Beth was the proud president of the Asshole Driver’s Club, but it wasn’t because she was an asshole, she really wasn’t. She just didn’t pay attention as well as some when behind the wheel. She paid attention to everything else; you, the conversation, the music, the journey, the destination. She was the one who turned at the last second, sans signal. Crossed three lanes of traffic to exit. Swerved from one lane into the other while fully turning around to laugh with someone in the back seat. Driving with Beth was a harrowing, sometimes terrifying experience.
In high school, Beth drove her step-dad Bob’s old light blue Camaro. I had known that car from my youth. When we were kids, Bob and Kate in the front seat and Beth and I in the back, some teenager in a Jeep tagged us hard from behind at a red light. The kid came up to the driver’s side window to tell Mr. Cieslak that he had hit him. Bob responded the only way one could in such a situation. He said, “no shit.”
By the time the Camaro was passed down to Beth, it had been given the title of Bitchin’ Camaro (thank you, Dead Milkmen) and had seen better days. Still, we would park it across two spaces in the high school lot out of respect for its history and because we thought it was hilarious. Once, when I was (not supposed to be) driving it, Beth was in the passenger seat with her feet up, flat against the windshield. I took a left into the 7/11 and pop!, the windshield cracked from side to side. Then there is the epic story of Beth somehow hooking her front fender over someone’s back fender in a movie theater parking lot. It took about 5 of the high school jocks to lift the entire front end of the Camaro to free it. I don’t remember the details, but I would bet anything Beth left a note, because she truly wasn’t an asshole.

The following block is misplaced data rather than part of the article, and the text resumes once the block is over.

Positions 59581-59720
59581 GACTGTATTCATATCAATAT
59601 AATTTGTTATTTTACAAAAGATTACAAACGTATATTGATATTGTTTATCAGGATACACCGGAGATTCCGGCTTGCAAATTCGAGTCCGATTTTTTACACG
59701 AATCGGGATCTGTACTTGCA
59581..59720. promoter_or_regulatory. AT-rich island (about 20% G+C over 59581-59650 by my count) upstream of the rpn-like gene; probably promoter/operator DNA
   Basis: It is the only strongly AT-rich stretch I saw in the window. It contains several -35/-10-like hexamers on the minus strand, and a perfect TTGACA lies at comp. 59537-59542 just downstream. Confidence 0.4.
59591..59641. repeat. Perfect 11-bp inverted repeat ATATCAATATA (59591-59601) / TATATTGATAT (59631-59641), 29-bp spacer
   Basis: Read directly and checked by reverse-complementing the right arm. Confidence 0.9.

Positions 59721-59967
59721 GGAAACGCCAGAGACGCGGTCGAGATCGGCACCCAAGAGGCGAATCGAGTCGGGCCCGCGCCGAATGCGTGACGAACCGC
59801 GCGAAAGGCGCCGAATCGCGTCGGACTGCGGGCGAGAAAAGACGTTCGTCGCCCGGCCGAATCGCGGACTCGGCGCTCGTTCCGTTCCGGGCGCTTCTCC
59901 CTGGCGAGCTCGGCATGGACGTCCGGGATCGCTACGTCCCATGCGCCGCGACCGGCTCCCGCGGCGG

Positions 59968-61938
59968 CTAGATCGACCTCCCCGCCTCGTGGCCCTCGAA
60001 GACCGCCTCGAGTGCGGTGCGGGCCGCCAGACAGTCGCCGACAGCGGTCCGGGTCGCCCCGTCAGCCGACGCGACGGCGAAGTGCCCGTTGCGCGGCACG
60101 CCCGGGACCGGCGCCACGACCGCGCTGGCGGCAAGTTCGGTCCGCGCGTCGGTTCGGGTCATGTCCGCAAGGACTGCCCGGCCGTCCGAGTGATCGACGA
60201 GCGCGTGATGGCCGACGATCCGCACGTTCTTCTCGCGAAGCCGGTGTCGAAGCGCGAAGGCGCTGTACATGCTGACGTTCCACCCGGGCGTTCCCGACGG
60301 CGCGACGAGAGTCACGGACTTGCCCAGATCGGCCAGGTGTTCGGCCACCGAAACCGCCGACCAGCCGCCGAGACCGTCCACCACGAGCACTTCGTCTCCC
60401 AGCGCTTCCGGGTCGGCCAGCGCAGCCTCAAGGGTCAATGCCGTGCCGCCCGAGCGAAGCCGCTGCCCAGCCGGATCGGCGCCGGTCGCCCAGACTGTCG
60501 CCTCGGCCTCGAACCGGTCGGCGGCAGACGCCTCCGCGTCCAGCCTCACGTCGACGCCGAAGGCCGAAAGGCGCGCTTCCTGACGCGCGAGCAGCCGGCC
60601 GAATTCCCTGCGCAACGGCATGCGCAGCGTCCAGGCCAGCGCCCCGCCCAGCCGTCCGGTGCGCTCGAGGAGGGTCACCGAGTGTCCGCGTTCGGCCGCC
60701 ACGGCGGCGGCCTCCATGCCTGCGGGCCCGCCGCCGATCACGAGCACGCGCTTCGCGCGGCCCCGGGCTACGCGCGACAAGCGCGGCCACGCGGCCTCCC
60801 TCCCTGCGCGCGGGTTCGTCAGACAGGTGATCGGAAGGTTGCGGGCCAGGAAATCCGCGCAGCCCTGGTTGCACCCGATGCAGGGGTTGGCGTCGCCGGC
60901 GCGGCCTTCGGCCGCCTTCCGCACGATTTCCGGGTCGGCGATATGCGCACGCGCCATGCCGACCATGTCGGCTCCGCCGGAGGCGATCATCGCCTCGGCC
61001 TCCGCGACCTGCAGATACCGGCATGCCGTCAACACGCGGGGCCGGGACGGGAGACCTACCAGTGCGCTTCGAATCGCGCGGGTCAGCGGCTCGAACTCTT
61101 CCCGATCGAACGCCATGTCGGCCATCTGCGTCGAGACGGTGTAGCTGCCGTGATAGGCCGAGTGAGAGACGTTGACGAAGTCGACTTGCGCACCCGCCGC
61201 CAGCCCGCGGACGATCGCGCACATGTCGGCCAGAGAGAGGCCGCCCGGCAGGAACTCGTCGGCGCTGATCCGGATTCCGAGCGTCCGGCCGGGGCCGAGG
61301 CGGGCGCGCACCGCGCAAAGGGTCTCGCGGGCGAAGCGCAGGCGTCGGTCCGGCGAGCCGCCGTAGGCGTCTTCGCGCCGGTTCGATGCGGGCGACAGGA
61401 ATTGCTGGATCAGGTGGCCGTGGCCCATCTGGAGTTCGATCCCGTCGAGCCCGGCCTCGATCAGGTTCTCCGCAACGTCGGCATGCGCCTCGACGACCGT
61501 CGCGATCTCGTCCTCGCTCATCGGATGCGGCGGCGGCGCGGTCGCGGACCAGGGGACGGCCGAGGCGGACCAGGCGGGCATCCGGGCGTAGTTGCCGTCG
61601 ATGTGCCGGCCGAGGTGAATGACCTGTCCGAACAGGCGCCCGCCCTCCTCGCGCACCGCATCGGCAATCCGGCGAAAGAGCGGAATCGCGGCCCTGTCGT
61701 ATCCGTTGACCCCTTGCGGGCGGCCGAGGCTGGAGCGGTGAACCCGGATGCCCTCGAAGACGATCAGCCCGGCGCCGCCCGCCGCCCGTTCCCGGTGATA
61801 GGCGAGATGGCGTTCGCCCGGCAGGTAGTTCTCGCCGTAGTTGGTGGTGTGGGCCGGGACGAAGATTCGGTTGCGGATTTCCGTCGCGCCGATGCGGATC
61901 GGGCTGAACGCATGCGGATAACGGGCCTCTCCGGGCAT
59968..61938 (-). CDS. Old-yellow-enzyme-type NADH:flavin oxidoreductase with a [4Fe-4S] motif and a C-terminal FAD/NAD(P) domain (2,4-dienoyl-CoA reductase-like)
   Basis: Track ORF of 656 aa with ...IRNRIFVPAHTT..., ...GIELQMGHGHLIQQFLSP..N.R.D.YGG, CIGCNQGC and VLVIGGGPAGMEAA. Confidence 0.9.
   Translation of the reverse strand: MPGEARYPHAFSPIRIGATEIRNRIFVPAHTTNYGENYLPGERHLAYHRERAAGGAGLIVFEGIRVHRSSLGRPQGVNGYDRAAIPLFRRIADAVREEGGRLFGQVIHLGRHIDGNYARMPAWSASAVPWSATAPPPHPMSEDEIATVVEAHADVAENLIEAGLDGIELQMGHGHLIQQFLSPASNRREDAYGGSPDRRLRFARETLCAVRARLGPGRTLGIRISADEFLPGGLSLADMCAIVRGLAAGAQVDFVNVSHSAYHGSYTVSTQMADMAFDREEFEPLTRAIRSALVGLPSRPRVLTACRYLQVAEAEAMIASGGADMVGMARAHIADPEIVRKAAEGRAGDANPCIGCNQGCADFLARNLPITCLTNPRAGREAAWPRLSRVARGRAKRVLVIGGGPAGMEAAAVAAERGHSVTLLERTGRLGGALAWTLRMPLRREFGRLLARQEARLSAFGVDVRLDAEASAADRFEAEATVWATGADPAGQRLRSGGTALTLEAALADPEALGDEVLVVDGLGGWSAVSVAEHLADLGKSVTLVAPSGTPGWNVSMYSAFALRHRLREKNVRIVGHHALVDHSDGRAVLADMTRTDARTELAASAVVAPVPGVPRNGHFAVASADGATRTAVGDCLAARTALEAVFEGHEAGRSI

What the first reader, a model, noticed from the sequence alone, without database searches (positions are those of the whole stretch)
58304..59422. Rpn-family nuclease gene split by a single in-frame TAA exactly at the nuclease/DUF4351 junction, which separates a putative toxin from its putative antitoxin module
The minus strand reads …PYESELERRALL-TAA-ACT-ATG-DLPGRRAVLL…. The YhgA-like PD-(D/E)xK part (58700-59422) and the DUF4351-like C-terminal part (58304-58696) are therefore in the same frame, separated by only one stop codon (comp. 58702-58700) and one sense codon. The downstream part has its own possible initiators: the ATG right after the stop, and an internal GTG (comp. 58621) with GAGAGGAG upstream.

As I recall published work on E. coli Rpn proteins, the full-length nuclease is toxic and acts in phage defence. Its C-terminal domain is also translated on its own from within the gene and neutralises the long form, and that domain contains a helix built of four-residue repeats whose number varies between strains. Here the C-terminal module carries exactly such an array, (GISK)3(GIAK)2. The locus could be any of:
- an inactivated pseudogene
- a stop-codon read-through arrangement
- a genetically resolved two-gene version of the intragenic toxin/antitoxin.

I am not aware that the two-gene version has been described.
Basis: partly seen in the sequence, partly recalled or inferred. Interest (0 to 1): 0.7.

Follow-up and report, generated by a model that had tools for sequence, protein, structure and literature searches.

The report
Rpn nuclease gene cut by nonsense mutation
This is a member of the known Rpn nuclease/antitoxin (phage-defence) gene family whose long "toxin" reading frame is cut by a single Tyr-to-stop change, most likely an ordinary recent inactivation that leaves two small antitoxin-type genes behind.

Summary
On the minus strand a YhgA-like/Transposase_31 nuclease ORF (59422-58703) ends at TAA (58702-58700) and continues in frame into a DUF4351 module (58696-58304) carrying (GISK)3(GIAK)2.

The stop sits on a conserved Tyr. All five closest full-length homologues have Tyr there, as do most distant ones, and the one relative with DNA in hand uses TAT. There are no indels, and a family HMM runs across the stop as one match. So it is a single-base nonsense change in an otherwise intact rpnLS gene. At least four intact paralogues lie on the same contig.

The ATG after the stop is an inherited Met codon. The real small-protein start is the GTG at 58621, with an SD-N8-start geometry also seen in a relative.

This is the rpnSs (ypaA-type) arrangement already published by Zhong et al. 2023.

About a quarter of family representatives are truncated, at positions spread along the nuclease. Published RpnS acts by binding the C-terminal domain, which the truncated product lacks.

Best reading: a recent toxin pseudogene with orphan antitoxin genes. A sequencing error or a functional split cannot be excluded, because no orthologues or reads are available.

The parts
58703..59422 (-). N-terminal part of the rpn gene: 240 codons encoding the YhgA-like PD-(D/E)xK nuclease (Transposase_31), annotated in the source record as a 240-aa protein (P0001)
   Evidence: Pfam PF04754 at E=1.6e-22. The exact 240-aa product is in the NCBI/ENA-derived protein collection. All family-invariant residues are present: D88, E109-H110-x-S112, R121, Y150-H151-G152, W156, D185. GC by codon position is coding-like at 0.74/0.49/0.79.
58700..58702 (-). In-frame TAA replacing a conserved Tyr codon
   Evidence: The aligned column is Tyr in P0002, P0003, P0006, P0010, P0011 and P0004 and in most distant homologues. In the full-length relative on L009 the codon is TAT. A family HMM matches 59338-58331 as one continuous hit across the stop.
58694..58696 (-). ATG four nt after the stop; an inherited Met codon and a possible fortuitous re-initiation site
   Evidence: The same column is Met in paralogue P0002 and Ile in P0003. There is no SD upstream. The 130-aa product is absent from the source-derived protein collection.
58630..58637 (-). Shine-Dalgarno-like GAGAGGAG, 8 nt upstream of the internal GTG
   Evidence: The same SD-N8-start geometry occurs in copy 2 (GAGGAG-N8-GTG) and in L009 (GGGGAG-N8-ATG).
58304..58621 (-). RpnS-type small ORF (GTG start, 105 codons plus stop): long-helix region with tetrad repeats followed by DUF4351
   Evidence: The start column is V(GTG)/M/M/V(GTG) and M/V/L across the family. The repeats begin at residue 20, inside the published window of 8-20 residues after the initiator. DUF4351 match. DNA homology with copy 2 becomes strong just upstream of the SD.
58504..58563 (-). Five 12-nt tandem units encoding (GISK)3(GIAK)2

She was a sweet heart. She was hilarious, and brilliant and loving and my best friend since 1977. Beth passed away earlier this year and I still can’t wrap my head around it. I’ve been down to work on Mavis twice since she died but writing about that before acknowledging her death didn’t feel right. She and my girls, Michele, Lisa and Darice, were the first I told about my Mavis mission and they were yelling ‘yes’ even before I finished explaining the idea. Beth would write or call me after each blog post, telling me how hard she laughed, or cried, always telling me how proud she was that I was tackling this crazy feat. The last time I heard her voice was on the phone while she sat in her basement digging up old pictures of us for my last post, Titties, Trauma and Transmission. Another of the long list of memories we created over our 40-year friendship.
Driving to work at the end of this past January I was overcome with a feeling of dread deep in my heart. The tears came so fast, blurring the road and forcing me to turn back home. I made it into the house and weak kneed, supporting myself against the kitchen counter, I sobbed. I said out loud to no one, “something’s not right.” And it wasn’t. Beth would die that night.
So, I’ve been struggling and don’t know if, or when, that will ever end. But I do know that Beth would want me to continue this journey. Bringing Mavis back to life, accomplishing something new, sharing time with people I love. We’ve always been a bit cosmically connected. She’ll know, she’ll watch as I reach my goal. Then I’ll take a long ride, play ABBA real loud and try not to drive like an asshole. Love you Bether.